I'm also interested in making sure we are linked into the private sector as well. You asked about how the private sector can play a role in partnering with the public sector, and again tapping into innovation and new ideas, different ways of working in the private sector is an important piece of that. And I've been encouraging the Corporate Executive Board to take some of their knowledge, their learning, their experience of the CFO Roundtable that they run and being able to apply that to the public sector also.
So we're trying to get a little more exposure, a little more visibility outside of the Department itself and play a role at the U.S. government level, in both the established organizations like the CFO Council, but also trying to establish partnerships with other organizations like the Corporate Executive Board. Within our organization, we've done a few things to promote collaboration. For the first time in five or six years in May this year, we ran our own CFO conference. We had 150 people from around the country descend on Denver, where we spent two or three days understanding what was going on in the CFO organization as a whole.
In fact, it was successful on a few fronts. Firstly, we were able for the first time to share knowledge and experience across that community. Secondly, I heard a number of people actually appreciate getting to meet people for the first time face-to-face, having spent several years e-mailing or talking to each other on the phone, so really a big win for the community to get people introduced to each other. And finally, at conferences like this, I'm usually one of the last out of the bar in the evening. And when I was leaving to go to bed, there were still plenty of people in the bar.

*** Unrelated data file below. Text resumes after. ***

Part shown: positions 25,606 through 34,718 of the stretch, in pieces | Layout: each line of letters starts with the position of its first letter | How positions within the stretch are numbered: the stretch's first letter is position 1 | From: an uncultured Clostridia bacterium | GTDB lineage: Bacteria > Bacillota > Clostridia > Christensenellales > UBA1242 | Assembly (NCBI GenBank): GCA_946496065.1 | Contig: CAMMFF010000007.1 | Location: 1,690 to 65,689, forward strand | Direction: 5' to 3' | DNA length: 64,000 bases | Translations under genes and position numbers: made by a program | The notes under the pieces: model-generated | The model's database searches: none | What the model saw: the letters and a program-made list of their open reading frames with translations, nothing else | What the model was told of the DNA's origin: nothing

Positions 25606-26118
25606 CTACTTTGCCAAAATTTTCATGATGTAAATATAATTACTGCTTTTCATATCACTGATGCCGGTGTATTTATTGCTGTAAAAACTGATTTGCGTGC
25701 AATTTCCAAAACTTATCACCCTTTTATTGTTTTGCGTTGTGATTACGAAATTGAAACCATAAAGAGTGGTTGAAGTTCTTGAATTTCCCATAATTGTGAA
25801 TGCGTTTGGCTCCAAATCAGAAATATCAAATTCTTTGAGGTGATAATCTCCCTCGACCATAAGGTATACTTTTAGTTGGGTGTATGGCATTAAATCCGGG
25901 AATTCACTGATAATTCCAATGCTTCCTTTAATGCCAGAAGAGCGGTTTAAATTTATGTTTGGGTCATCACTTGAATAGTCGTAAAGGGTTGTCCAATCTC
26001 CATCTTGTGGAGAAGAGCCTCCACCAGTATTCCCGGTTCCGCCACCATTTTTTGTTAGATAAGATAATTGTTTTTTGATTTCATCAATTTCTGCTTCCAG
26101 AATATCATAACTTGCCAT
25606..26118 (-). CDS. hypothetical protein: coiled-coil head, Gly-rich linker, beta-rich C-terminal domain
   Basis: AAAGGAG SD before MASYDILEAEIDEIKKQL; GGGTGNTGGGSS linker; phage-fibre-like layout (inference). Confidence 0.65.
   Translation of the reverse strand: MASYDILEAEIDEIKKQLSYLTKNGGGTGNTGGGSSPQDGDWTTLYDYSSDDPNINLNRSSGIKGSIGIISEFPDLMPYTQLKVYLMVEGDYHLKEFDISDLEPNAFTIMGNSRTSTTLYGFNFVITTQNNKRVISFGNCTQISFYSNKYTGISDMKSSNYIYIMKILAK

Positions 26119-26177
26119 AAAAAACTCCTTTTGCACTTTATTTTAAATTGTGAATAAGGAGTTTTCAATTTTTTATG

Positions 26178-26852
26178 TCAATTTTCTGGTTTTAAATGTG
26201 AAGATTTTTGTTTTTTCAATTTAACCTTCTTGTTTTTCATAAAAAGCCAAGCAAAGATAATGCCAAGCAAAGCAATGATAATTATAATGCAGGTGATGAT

So I think it helped us a good deal to get together as a community and get to know each other professionally and socially, too. We talked about the portal that I'm sponsoring and investing in, making sure we're using latest technology to promote collaboration across the Department. And we're also focusing on communications, too. Very simple things like a monthly newsletter, which we publish to all of our financial management professionals across the Department. So I think we're doing a lot in the collaboration space, whether externally with new organizations, established organizations, but also internally, too, and really focusing on collaborating as a community across the Department.